Music is beautiful.
It’s powerful, it’s lifting, it’s emotional. And it’s extremely personal. Music can help people express who they are as an individual and give them their own identity.
I know this, because that’s the effect it had on me. I started playing the drums at the age of 15, and I can honestly say that drumming has changed my life.
It all started one evening when I was watching television with my dad, Mike Rizun. During a commercial, he turned to me and for some reason asked if I’d ever thought about wanting to play an instrument. My response was, “Yes, I have, but I’m not sure what instrument.”
Without saying a word he reached over to our movie cabinet and pulled out an old VHS tape that was labeled “Lee Aaron Live: City TV Toronto 1983.” He put the tape in our video player and pushed play. To my astonishment, I saw my dad behind the drums making incredible music with this great singer while having the time of his life.
That moment was so powerful, it lit a fire inside me that I am sure will never burn out. To this day, that video still plays back in my mind; it will always remind me of why I started playing the drums.
Not long afterwards, I went to the local music store with my dad to buy my first drum kit. I settled on a beautiful 5-piece cherry wine finish drum set with hi-hats and cymbals. As soon as I got home I couldn’t wait to set it up and start playing! Yet when I’d finished assembling everything, I just sat there in disbelief. I just couldn’t stop looking at it — the chrome hardware, the finish, the cymbals. Everything was perfect. I felt like the coolest kid on the block!
Over the coming weeks, I discovered new drummers, new techniques and music that I never knew existed. I started learning rudiments, time signatures, and how to put it all together. I practiced for months on end, reading through syncopation to improve my playing. In short, I learned how to become a musician.
I did everything I could to progress into becoming a better drummer. I would practice fills until I nearly passed out from exhaustion. I would watch videos of all of the pros and take in all of their styles and techniques, then alter them to make them my own. I put in hours upon hours of sweat, tears and sometimes even pain, constantly trying to find new ways to express myself, to shape my own identity. As much as I admired other drummers, I wanted to create my own path.
I can still remember my very first gig and what I had to go through to make it happen. It was an extremely cold winter night in the middle of January — so cold that the grease on my drums’ tension rods had become frozen solid during the drive to the club in my parents’ van. As I was setting up my bass drum pedal, I noticed that the chain had broken due to the pedal being crushed by a hardware stand when I dropped my hardware bag on the stage floor. I was stunned, and I wasn’t sure what I was going to do. We had just 15 minutes until we were supposed to start the show!
As I thought about what I could improvise to repair the pedal, it suddenly dawned on me that I had a few zip ties in my cymbal bag because the handle was ripped. I took two of them out and put them together, then took off the broken chain and replaced it with the zip ties. Then I prayed for it to all hold together … and it did.
After our first set, we stopped to take a break. I remember sitting behind my kit for a moment looking out at the crowd, thinking to myself, “If I hadn’t figured out how to fix this pedal, I wouldn’t be playing this gig tonight. I would be packing up and going home miserable because I couldn’t do something that I love doing.” It was then that I realized that it’s all about taking action and doing whatever you can to make your dream come true.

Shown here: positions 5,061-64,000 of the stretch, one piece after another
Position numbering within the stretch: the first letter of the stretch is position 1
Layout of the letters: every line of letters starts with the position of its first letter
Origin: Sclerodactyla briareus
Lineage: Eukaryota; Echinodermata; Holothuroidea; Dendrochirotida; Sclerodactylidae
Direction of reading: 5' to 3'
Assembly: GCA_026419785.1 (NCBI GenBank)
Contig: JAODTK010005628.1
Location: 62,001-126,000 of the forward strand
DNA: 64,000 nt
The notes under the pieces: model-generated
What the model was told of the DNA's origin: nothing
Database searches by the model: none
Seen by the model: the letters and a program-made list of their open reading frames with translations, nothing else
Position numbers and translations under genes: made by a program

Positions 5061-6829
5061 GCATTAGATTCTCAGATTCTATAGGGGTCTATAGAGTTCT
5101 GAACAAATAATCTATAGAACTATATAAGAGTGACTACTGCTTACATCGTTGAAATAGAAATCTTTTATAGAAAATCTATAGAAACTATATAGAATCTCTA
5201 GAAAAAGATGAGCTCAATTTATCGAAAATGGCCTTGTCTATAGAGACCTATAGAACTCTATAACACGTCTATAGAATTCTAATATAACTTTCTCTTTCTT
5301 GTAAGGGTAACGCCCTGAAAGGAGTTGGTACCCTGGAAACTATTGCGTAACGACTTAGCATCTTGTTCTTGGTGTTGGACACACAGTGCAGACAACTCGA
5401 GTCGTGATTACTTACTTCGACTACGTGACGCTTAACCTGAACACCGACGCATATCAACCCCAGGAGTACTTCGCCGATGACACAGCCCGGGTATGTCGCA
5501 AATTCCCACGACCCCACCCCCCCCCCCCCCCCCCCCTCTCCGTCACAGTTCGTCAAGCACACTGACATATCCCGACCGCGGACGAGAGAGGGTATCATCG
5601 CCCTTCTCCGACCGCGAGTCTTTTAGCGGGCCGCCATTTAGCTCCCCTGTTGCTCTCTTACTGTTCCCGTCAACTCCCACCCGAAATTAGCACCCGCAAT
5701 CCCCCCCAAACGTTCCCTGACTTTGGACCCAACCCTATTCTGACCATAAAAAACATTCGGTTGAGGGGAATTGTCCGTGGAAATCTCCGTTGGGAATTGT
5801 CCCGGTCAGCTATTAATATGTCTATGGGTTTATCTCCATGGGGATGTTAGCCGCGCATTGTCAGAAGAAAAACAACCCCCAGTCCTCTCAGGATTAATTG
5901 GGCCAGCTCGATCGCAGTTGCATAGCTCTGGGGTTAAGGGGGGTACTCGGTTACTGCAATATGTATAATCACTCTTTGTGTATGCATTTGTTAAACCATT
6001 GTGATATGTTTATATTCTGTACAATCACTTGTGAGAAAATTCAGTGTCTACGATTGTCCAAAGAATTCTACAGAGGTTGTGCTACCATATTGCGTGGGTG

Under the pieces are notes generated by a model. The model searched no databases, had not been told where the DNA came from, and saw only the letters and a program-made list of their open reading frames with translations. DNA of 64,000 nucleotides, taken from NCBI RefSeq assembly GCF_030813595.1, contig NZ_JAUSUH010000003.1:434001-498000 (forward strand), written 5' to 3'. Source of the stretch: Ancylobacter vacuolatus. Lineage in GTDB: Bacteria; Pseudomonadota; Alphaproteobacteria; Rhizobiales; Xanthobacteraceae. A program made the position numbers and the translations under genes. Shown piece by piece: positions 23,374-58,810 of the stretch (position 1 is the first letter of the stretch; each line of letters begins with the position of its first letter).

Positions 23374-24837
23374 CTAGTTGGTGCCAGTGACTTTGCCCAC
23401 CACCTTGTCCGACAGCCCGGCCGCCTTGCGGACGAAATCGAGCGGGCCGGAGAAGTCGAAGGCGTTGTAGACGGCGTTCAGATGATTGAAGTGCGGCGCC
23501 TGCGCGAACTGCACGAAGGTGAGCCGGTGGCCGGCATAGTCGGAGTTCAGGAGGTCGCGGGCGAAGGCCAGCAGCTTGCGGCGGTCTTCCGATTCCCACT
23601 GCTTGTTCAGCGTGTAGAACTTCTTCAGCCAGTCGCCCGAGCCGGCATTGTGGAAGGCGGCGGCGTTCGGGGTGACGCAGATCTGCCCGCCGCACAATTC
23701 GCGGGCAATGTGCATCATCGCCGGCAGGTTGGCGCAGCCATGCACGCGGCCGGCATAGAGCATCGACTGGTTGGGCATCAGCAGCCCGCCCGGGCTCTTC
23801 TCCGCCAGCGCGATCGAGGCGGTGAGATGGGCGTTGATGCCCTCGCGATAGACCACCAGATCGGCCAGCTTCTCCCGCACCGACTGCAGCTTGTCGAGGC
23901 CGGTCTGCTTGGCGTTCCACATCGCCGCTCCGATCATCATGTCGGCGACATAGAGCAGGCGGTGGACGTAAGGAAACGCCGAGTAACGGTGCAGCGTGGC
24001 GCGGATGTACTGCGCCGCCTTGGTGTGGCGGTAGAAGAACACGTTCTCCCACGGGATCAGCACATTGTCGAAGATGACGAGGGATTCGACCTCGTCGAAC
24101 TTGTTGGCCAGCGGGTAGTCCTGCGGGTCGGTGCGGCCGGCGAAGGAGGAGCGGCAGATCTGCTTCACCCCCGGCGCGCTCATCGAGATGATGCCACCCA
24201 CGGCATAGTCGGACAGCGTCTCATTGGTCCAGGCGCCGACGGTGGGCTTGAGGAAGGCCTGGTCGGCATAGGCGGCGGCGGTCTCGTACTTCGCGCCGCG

I’m proud that I’ve become the kind of drummer that takes a musician’s point of view. Whether I’m recording, jamming or playing in a live setting, I’m always listening to the music as a whole, listening to what everyone else is playing while being open-minded in my approach. I’ve found that this is one of the most important tools in any musician’s toolbox, along with dedication, motivation, practice, effort and passion. Having those qualities will make it a lot easier for you to express yourself at any given time, no matter the type of musical situation you’re in. They will also open doors you never could have imagined and keep you ready for those once-in-a-lifetime opportunities.
Today I can take a step back and realize what an impact drumming has had on my life. If I had said no to watching my dad’s VHS tape, I wouldn’t have discovered this beautiful instrument. If I didn’t quickly figure out a way to fix that bass drum pedal, I never would have experienced what it’s like to play a live show. Those experiences, plus all of those long hours practicing rudiments and learning technique, have shown me what drumming is truly about. It’s about doing something that you love and giving it all that you have. It’s about taking the chance to make something of yourself and put your name out there.
Drumming makes me want to wake up every day and discover something new, something no one has ever thought of doing. It brings me the utmost joy, pleasure, and excitement every time I get behind my drum set. I still try to practice every day for at least 4 – 5 hours, always making sure to stick to a particular rudiment or fill for the week. I have this voice inside me that constantly tells me that I need to step it up so I can become a better drummer. Every time I pick up my sticks, I’m putting my entire heart and soul into my drumming.
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